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 Legal
 44
APRIL 2021 • WWW.AAGLA.ORG
effect clearly provides for the tenant to pay in this circumstance.
Answer. So long as your lease does not provide otherwise, you can serve a three (3)-day notice to perform conditions or covenants demanding the resident pay for the repair.
Question: Who is responsible for keeping the carpet clean? The tenant or the owner?
Answer. The tenant is responsible for leaving the premises, including the carpet, in the same state of cleanliness that existed at the time they first moved in.
Question: I purchased a building in which two of the three tenants do not have a deposit on file. Can I require a deposit for continuing tenancy?
Answer. If their lease agreement is month-to- month (as opposed to a fixed term lease), you can serve a thirty (30)-day notice changing the terms of the tenancy to require a deposit.
Question: Our new tenants signed our lease and paid the first month’s rent. Now they want to get out of the lease. They did not take possession. What should I do?
Answer. When the tenant signs a lease, they are bound by the terms even if they change their mind later. The landlord must make reasonable efforts to try to find a replacement tenant, and if this effort is successful, the amount paid by the replacement tenant will reduce the original tenants’ liability.
Question: Our renters signed a one-year lease but were evicted after two months. They moved out before they were locked out. Are we able to charge rent until the unit is again rented?
Answer. An eviction does not end the tenant’s responsibilities. You can charge them rent through the end of the lease term. . However, you must make reasonable efforts to try to find a replacement tenant, and if this effort is successful, the amount paid by the replacement tenant will reduce the evicted tenants’ liability.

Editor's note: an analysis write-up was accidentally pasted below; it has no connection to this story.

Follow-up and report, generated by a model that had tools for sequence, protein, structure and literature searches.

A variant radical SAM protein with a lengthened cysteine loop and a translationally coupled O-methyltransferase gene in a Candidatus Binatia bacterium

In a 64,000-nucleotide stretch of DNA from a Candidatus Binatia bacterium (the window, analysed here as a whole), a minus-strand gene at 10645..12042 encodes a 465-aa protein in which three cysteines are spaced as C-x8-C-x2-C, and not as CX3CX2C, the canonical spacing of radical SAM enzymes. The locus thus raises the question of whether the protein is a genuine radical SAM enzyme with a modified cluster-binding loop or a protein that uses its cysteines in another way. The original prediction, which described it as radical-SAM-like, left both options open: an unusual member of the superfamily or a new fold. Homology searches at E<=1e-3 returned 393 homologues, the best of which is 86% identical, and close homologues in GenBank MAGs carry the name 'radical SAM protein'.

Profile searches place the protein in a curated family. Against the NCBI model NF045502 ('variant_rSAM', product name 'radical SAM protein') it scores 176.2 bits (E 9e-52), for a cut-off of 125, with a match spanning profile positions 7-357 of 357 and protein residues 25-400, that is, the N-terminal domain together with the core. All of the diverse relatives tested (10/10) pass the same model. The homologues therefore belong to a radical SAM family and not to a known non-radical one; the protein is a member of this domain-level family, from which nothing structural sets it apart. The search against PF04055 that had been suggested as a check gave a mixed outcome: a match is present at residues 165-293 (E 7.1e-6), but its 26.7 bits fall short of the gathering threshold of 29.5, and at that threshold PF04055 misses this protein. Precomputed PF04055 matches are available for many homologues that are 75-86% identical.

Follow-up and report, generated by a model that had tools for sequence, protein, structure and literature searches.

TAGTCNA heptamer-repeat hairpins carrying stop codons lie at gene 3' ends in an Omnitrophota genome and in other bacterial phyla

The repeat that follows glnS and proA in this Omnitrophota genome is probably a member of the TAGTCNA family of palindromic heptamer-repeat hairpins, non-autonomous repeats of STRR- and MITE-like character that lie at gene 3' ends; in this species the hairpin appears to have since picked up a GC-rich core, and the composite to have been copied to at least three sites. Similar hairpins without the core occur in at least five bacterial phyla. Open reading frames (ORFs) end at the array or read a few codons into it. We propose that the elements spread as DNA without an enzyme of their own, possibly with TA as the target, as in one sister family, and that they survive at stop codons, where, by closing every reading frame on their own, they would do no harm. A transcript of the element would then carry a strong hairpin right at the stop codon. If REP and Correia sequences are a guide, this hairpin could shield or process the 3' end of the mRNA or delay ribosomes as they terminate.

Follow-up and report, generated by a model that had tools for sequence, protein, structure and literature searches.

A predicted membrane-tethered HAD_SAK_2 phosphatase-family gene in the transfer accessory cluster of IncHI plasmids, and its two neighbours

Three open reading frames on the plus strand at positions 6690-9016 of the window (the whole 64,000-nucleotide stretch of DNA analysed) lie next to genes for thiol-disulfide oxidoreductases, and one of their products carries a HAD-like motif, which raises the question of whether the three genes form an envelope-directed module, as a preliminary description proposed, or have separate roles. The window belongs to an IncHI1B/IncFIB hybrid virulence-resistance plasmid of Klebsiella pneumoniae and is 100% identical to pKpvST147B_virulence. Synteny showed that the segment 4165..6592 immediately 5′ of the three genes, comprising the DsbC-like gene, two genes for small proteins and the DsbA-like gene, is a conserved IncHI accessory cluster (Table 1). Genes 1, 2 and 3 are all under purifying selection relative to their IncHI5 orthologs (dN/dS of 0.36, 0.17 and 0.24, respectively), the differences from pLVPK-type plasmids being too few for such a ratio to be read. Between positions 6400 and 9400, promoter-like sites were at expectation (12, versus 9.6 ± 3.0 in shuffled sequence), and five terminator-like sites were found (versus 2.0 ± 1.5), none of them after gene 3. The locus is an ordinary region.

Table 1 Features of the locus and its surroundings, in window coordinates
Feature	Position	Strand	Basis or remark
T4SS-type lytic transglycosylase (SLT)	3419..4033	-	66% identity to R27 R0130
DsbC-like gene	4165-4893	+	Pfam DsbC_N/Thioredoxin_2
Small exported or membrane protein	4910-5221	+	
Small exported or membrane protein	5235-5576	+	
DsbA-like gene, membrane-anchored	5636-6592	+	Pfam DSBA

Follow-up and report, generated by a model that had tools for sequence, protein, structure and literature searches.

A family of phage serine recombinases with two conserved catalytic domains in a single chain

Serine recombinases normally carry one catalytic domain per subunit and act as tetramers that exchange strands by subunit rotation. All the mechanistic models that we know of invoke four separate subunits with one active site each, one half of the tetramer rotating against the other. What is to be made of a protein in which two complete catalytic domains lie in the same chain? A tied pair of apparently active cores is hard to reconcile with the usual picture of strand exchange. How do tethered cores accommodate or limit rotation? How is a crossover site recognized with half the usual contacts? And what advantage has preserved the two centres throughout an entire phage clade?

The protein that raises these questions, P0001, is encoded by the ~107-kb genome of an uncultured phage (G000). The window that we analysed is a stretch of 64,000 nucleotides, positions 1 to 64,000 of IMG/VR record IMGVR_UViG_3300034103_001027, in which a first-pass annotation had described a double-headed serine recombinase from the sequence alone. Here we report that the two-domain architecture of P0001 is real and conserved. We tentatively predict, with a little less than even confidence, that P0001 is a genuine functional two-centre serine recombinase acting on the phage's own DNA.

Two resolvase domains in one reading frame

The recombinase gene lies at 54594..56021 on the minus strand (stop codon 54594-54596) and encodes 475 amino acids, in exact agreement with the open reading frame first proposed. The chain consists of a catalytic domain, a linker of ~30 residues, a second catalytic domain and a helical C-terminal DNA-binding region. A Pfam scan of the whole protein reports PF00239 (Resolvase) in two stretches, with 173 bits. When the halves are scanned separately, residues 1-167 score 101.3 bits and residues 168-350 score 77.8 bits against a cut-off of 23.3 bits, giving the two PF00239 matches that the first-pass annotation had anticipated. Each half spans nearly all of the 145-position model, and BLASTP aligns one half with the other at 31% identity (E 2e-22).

Question: I am renting a single-family dwelling to three individuals, each of whom submitted a separate application but want to all be listed on the rental agreement. How do I fill out a month-to-month agreement?
Answer. Have them all sign the same rental agreement, listing all three individuals as tenant, so that they will all be jointly and severally liable.
Question: Several weeks ago, during a windstorm, a large tree fell on my tenant’s car. The tenant thinks I am responsible for the damages, but my insurance company says I am not.
Answer. Unless you were negligent in the way you maintained the tree, you are not liable.
Question: An attorney representing a former tenant states, “The Department of Consumer Affairs suggests that a landlord should not charge tenants for painting after a two-year tenancy.” Is there any standard on this?
Answer. The Department of Consumer Affairs’ has stated this, but a judge may or may not agree with that position. The life expectancy of paint may depend on the type of paint. (For example, it may be reasonable for a landlord to expect a high-quality gloss paint to last more than 2 years). Tenants are responsible for damage beyond normal wear and tear.
Question: Could you please tell me the law on roommates and the return of security deposits when only one vacates the unit.
Answer. Unless you provide otherwise in your lease, do not release the security deposit until after you regain possession of the unit from all occupants.
Question: I have several tenants who have damaged their units. What can I charge them for?
Answer. You can charge for the actual out-of- pocket costs. If you do it yourself, you should charge what the market would charge if you hired someone to do the work. In other words, it must be a reasonable charge.
Kimball, Tirey & St. John LLP (KTS) is a full-service real estate law firm representing residential and commercial property owners and managers. This article is for general information purposes only. Laws may have changed since this article was published. Before acting, be sure to receive legal advice from our office. If you have questions, please contact your local KTS office. For contact information, please visit our website: www.kts-law.com. © 2015 Kimball, Tirey and St. John LLP











































































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